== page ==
Specialists, of course, know and have their own views on the widely quoted works, but they may not know of the others. It is my hope that this book will be useful both to specialists and newcomers. My starting place was the social sciences, since movements have their most direct relevance to those fields. Sources can be found in anthropology, sociology, history, folklore, journalism, political science, psychology, literary studies, philosophy, linguistics, fiction, poetry, biography, drama and, of course, in apologetics and prophecy. This book refers you to some of the 7,500 references of more or less direct relevance that I know of, but while I believe that I have a fairly complete listing from sociology and anthropology, I have only begun to scratch the surface in the other disciplines. My excuse for this shortcoming is in part the overwhelming size of the field.
        I chose to concentrate my annotations mostly on movements that have been of importance to recent thought on the topic for several reasons. First, information on modern movements is more plentiful and more easily available, though it is no less subject to reporter's bias than are early church polemics against heresy, often the only sources of information on groups like the Montanists who exercised great influence on later church history. Second, I have in mind the likelihood that there will be a marked increase in the number and possibly the influence of these movements as the end of the calendar millennium approaches. It seems reasonable to me to expect that the most recent forebears will have the greatest impact on these newer movements, many of which might be expected to appear as schisms. The annotations themselves in most cases point out what seem to me important insights and errors in the work in question, and some indication of the author's theoretical stance.
        For similar reasons I chose to focus on those specific movements that have had, or might reasonably be expected to have, influence on the West, both in attracting members and in the thought of analysts. Neither the Native American Ghost Dance nor the Melanesian cargo cults can reasonably be supposed to enjoy any great popularity in any time soon in the West, but both have been crucial to the thought of specialists, so both are given more space than one might otherwise expect. For the most part I concentrated on theoretical works, so I treat journalism, prophecy, and imaginative writings as primary sources and discuss them only when their reports were of particular importance to thought on movements in general.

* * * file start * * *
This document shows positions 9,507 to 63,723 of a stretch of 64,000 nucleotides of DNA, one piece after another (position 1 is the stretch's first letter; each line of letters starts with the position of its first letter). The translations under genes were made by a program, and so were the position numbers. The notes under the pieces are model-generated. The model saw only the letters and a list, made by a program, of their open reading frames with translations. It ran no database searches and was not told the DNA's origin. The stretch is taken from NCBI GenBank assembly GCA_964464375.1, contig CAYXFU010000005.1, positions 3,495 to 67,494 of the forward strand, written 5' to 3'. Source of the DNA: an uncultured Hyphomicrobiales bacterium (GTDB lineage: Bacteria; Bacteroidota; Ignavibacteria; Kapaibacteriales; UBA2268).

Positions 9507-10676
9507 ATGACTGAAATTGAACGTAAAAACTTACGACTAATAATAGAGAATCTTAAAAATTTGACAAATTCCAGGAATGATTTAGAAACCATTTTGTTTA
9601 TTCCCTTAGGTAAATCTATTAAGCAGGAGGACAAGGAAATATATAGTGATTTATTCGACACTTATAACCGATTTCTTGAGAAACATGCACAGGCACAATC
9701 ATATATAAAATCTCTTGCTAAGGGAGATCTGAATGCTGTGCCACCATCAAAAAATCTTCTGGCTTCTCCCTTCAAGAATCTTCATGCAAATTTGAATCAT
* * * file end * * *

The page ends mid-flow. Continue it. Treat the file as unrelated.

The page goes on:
The organization of this book is perhaps not the best one could hope for. Ideally, perhaps, a bibliography ought to be arranged by subject matter, but the theme of this one is so complex and topics so inextricably interwoven that it seemed best to arrange it alphabetically by author. However, just about every idea and group of importance is indexed, as are all the authors discussed, so that a little digging should lead you to whatever is your major concern.
        As a final note, the only abbreviation used regularly here whose meaning is not necessarily either well-known or obvious is "NRM," which stands for "new religious movement."


        There are two indexes to this work: a subject listing and an author listing. You will find that entries are contained in numbered files, and that not all the numbers run consecutively. This is because, following bibliographic convention, I have listed all works by a single author, or a number of the same authors, together in one file. It seemed on the whole less cumbersome to operate this way, even though when you look for a particular piece by Roy Wallis, say, you will get all thirteen of his pieces annotated in this book. It will then be necessary to scroll or search for the particular one you want.
        If this is your first visit to the site, you will probably want to begin with the introduction to the book. In any case the indexes are available at these links: Subjects and Authors.